Advantage: Push. If you hard pressed me to give you a team, it’s the Penguins, only because using the “what have you done for me now, lately” question, the Bruins finished the season so poorly.
Casey DeSmith led the AHL in goals against with 2.01. His backup is the untested rookie in Sean Maguire. Seems like last year we had the same thing to say about the then at the time untested rookie in Casey DeSmith. Tristan Jarry is on NHL recall for the injured Matt Murray.
Guess who finished second behind DeSmith in goals against? Providence’s Zane McIntyre. Both goalies have near identical statistical accolades. Both won 21 games. DeSmith lost 5 games, McIntyre lost 6. DeSmith lost three in overtime to McIntyre’s two. McIntyre has a better save percentage at .930 to DeSmith’s .926. McIntyre actually led the AHL in that category.
Advantage: It is a push.
Coaching and special teams always go here. The Penguins are coached by Clark Donatelli, who should have won AHL Coach of the Year for piloting his team through the toughest division in the AHL and winning it easily. Kevin Dean did OK in his first year behind the bench for the Bruins but Providence was in second place right as the season started to dwindle and nosedived out of the runner up spot to nearly missing playoffs altogether to the Bridgeport Sound Tigers. The clear winner here is the Wilkes-Barre’s Head Coach.
Special teams is almost identical. Both teams lead the AHL in penalty killing with the Penguins killing penalties 86.9% of the time with the Bruins right there in second at 86.4%. Take it a step further and on the road, the team with the best PK is the Bruins at 88.7% followed by, yes you guessed right, the Wilkes-Barre / Scranton Penguins at 86.5%. The Bruins power play was 11th best in the AHL with a 19.1% success rate and the Penguins came in at a respectable, middle of the road 15th, or 17.9%. Match these two teams up head to head and you have another push.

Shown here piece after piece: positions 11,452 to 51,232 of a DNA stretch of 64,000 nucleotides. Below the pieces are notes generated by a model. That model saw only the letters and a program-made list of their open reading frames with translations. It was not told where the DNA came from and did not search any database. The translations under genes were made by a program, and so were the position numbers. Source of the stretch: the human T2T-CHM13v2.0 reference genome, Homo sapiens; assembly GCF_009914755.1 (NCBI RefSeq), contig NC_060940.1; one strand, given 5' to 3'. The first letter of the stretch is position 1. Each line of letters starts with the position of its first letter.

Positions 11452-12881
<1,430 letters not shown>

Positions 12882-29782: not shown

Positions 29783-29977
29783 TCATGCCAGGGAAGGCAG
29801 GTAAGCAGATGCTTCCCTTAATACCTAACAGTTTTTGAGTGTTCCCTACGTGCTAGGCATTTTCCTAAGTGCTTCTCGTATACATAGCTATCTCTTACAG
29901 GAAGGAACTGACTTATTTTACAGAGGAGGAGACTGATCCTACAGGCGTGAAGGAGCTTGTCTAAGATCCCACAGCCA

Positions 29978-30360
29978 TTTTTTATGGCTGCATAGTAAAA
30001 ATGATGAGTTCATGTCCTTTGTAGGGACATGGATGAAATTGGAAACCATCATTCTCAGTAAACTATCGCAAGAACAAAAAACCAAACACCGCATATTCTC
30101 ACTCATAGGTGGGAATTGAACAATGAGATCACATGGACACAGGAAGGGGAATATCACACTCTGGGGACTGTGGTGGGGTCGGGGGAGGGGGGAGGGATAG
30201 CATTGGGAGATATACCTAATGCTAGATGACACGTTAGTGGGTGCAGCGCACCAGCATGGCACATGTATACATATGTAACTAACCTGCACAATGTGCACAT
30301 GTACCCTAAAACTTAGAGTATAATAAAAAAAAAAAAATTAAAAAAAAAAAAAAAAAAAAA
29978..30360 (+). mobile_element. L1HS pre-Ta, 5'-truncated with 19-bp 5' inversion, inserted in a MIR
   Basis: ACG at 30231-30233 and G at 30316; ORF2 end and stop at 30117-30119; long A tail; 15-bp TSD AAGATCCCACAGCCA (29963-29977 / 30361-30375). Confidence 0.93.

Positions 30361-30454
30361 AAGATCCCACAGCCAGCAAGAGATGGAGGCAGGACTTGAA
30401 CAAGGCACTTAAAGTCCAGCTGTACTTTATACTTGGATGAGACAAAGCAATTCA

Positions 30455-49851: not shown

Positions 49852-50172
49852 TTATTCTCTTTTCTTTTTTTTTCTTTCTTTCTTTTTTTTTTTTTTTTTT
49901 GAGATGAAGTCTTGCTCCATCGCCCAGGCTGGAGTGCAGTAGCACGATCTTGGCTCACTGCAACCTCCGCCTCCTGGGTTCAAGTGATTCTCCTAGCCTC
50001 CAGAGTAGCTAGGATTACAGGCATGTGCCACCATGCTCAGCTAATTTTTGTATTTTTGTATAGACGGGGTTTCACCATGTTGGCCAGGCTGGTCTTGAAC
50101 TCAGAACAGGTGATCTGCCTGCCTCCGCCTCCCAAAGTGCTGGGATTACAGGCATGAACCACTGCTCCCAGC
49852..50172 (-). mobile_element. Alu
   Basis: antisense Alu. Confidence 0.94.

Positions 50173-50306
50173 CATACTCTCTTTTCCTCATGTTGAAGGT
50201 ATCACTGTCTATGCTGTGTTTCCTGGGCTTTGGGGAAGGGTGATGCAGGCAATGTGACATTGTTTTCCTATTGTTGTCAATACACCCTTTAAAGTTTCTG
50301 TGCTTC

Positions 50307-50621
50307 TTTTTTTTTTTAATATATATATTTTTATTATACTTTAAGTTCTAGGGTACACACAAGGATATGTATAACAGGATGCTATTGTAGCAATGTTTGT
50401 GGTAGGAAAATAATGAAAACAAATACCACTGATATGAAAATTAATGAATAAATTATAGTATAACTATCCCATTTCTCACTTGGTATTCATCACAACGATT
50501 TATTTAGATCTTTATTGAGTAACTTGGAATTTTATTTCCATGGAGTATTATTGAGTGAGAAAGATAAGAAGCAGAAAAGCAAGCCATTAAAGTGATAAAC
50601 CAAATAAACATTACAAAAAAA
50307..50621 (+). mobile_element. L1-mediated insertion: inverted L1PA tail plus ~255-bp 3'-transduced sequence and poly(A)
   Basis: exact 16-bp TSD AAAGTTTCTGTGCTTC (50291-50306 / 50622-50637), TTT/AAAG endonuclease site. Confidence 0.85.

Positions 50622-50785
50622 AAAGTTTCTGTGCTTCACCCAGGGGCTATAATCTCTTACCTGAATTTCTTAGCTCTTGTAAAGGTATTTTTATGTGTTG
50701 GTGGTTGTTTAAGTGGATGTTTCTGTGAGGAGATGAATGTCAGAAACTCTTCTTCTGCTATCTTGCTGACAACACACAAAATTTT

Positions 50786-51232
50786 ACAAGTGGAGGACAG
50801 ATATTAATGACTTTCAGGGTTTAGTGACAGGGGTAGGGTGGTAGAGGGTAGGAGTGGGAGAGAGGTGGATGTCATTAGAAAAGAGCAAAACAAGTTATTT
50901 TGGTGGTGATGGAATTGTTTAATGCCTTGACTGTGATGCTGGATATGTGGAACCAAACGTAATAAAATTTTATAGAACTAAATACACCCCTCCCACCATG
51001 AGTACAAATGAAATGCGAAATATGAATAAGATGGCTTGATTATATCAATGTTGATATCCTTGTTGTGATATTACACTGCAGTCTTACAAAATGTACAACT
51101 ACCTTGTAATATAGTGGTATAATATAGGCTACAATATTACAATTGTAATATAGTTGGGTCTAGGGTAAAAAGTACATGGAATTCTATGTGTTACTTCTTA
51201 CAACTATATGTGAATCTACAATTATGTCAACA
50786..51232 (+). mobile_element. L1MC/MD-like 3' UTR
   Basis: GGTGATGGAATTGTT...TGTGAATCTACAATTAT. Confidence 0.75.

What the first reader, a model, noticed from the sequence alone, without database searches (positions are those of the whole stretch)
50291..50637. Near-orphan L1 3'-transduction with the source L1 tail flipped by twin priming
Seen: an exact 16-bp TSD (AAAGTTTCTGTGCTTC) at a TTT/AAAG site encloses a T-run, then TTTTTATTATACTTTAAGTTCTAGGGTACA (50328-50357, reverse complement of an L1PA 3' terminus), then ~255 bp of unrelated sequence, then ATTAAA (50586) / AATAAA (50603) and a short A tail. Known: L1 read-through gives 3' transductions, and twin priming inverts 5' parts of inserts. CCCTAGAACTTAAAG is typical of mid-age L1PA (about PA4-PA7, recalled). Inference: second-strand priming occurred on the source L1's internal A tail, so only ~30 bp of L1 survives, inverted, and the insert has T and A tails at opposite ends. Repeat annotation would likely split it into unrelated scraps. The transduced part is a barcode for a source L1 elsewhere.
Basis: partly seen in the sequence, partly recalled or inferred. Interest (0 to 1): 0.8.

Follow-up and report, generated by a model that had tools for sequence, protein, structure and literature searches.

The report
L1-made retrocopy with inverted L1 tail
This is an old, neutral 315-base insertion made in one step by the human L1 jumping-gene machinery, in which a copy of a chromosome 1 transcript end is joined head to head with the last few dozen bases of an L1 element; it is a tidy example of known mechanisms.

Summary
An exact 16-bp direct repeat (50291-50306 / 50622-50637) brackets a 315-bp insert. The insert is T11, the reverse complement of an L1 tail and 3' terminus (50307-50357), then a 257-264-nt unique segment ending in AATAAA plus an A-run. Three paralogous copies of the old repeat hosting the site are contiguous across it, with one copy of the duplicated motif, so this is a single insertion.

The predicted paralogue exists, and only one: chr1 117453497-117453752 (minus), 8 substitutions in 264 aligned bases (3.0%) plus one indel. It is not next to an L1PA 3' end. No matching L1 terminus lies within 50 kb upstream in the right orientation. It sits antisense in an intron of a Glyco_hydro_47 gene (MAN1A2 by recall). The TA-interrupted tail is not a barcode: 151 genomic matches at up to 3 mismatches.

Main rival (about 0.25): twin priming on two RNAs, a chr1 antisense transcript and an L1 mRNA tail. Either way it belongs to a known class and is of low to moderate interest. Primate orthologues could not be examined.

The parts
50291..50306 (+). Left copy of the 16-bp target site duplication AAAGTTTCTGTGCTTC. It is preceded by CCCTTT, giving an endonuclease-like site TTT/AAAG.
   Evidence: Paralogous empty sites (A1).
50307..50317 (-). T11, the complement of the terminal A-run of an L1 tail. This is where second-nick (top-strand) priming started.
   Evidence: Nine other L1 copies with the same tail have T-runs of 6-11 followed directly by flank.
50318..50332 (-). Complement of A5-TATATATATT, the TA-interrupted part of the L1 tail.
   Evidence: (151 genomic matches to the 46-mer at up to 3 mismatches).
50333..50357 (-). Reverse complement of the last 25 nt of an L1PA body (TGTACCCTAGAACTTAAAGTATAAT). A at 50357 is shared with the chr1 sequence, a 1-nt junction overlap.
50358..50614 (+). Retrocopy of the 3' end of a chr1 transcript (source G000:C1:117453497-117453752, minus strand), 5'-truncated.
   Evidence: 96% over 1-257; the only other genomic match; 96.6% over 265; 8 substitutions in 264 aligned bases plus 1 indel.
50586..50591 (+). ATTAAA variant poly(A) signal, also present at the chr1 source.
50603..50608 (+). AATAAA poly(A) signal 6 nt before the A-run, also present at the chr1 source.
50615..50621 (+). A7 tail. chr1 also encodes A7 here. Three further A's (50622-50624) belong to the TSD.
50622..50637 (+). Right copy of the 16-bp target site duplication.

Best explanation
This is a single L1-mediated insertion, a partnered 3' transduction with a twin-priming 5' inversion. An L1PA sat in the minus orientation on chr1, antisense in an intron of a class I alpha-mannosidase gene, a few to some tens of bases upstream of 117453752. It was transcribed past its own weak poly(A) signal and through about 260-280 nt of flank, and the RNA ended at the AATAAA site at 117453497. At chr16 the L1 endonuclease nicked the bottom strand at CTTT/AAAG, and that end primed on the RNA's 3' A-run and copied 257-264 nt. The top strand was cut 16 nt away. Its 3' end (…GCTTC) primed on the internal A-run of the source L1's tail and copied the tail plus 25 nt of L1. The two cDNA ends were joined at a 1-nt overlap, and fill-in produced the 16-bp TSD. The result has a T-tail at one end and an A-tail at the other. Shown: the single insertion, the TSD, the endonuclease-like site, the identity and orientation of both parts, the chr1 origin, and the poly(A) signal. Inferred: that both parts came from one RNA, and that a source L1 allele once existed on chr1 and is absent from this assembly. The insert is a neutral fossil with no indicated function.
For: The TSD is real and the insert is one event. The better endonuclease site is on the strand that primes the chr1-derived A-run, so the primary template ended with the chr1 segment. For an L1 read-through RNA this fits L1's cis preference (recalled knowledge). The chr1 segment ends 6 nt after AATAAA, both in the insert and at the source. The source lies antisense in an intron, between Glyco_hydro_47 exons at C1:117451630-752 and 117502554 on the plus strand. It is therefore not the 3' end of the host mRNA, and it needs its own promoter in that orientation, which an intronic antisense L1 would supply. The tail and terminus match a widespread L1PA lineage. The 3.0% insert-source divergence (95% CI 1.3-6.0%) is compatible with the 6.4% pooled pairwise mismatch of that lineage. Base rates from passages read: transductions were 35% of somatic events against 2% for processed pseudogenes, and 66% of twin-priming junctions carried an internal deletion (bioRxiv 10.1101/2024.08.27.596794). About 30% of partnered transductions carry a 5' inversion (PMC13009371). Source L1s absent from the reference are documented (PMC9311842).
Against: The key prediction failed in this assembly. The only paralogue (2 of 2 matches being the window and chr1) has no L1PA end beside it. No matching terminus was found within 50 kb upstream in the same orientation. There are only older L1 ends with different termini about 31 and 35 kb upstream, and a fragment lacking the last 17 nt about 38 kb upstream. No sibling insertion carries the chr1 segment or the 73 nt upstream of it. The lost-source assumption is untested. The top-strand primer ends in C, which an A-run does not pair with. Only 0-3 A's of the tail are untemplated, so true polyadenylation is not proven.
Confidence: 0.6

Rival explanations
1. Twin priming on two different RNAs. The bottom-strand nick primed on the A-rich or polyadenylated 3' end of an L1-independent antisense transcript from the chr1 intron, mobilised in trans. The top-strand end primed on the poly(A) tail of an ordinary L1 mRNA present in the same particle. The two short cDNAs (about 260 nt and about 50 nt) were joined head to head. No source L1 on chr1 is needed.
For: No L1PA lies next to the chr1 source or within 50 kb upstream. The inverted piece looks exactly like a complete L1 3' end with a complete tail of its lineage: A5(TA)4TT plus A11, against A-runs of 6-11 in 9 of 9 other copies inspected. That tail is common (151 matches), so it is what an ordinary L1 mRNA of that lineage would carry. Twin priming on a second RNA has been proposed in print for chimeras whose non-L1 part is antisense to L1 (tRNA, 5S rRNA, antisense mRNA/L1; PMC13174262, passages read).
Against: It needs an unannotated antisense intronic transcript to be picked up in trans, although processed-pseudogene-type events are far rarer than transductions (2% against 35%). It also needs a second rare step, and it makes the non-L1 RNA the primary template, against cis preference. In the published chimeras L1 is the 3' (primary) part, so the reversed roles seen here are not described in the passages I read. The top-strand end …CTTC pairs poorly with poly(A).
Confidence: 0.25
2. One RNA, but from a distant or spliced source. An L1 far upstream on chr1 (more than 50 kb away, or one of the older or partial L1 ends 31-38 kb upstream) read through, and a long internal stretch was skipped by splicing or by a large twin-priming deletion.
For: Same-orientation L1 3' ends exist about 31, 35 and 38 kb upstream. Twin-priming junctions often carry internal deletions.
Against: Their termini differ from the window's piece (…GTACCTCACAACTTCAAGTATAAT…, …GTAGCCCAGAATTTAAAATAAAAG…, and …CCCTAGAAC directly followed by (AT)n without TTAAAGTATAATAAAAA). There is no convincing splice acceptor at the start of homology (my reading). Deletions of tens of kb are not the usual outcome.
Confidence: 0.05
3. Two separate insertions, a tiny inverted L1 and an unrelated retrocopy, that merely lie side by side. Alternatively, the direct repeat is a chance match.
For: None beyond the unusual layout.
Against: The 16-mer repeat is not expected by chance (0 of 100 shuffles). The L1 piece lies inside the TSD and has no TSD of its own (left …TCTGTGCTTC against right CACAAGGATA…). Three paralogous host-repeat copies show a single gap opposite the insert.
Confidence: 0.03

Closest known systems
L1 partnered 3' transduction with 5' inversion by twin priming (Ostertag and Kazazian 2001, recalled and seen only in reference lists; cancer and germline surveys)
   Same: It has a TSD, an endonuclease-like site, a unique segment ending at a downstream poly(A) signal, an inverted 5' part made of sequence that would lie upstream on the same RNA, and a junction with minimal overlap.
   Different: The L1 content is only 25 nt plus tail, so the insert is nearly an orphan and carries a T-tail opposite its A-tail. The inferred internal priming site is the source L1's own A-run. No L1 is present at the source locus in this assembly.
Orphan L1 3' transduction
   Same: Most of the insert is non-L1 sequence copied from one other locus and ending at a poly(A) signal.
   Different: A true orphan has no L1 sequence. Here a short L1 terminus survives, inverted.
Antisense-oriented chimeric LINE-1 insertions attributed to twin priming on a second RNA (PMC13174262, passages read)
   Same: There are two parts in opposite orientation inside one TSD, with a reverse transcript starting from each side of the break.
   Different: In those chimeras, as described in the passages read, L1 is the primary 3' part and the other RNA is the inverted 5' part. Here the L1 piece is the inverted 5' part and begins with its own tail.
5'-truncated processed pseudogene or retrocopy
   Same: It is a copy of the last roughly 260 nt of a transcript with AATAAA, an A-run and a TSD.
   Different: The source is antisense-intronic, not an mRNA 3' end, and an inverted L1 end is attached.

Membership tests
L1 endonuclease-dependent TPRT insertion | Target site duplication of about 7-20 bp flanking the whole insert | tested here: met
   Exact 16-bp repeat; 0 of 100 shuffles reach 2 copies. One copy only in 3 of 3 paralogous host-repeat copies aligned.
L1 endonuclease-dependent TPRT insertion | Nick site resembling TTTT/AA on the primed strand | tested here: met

The biggest intangible is how the NHL parent does in the playoffs. If Pittsburgh gets knocked out, Jarry, Jake Guentzel, Carter Rowney, Tom Sestito, Josh Archibald and Cameron Gaunce all become eligible for AHL playoffs. The Bruins could get Tommy Cross, Matt Grzelcyk and Noel Acciari back if Boston goes out to Ottawa or at any time during this short five game series.
Will Zach Aston-Reese back back for the Penguins after getting slashed in the second to last game for the Penguins? His presence would tip the scales for the Penguins in the offensive category.
Social Media Coverage
For the Penguins…
For the Bruins…
Looking at both teams on a scale from across the room, that scale is dead even, but as you get closer to the scale you can clearly see that it tips on one side. That side belongs to the Wilkes-Barre / Scranton Penguins. Penguins in four. While yes, both these teams are dead even in nearly every single statistical category known to man, it’s the Penguins who have more ounces on that proverbial scale that tip it in their favor. Providence steals one game, but are again sent packing by the one single team who has had their number in postseasons past.
Gameday setup for Game 1 hits the blog Friday afternoon at 3 p.m.